With people using portable generators in the wake of tropical storm Irene, the Connecticut Poison Control Center has been receiving calls about carbon monoxide poisoning. Portable generators produce carbon monoxide, and the poison control center, part of the UConn Health Center, has issued safety advice about the generators and food safety.

“CO cannot be seen, smelled, or heard,” said Amy Hanoian Fontana, community education specialist at the poison control center. “Working CO detectors are the only way to tell if carbon monoxide is in the home. They save lives. All homes should have them, generator or not.”

Other tips include:

Generators should only be used outdoors, more than 20 feet from any building, doors or windows

Never use a generator indoors, including in a basement or garage, even if the doors and windows are open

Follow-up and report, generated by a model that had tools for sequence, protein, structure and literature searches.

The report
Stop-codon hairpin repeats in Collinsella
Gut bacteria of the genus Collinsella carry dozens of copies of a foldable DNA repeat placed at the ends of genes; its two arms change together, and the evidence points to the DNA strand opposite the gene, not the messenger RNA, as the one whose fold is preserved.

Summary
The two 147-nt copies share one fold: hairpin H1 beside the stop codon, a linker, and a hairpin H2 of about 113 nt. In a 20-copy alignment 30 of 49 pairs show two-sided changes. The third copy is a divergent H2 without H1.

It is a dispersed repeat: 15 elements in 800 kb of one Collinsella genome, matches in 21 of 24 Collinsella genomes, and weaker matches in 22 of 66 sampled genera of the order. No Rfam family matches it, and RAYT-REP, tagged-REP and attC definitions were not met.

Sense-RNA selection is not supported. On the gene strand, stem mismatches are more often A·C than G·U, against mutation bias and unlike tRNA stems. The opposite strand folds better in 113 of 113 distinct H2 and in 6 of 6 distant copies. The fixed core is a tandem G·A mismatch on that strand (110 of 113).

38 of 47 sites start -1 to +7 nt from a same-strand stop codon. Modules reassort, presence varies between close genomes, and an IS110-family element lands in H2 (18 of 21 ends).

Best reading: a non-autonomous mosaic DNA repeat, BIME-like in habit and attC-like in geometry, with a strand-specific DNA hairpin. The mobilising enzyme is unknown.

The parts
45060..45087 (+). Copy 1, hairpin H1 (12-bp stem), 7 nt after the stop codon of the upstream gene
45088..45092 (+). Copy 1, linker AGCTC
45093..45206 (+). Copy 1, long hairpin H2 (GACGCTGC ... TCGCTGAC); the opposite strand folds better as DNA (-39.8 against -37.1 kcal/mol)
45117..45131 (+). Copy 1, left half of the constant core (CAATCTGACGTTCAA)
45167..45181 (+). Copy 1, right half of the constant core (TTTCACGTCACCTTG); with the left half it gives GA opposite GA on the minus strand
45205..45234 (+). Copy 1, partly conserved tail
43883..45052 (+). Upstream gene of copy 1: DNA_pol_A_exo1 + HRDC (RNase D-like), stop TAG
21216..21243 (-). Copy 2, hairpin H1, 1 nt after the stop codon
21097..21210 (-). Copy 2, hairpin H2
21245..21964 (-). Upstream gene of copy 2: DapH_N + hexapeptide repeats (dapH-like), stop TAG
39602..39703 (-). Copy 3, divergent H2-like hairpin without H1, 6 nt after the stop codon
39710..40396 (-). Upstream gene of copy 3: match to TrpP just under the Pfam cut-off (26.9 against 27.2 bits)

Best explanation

Headache, dizziness, weakness, nausea, vomiting, chest pain and confusion are the most common symptoms of carbon monoxide poisoning

People who are sleeping or who have been consuming alcohol can die from carbon monoxide poisoning before having symptoms

Consult a health care professional right away if you think you might have carbon monoxide poisoning

Every home should have a carbon monoxide detector with a battery backup so it can function during a power outage

Arielle Levin Becker covered health care for The Connecticut Mirror. She previously worked for The Hartford Courant, most recently as its health reporter, and has also covered small towns, courts and education in Connecticut and New Jersey. She was a finalist in 2009 for the prestigious Livingston Award for Young Journalists, a recipient of a Knight Science Journalism Fellowship and the third-place winner in 2013 for an in-depth piece on caregivers from the National Association of Health Journalists. She is a 2004 graduate of Yale University.

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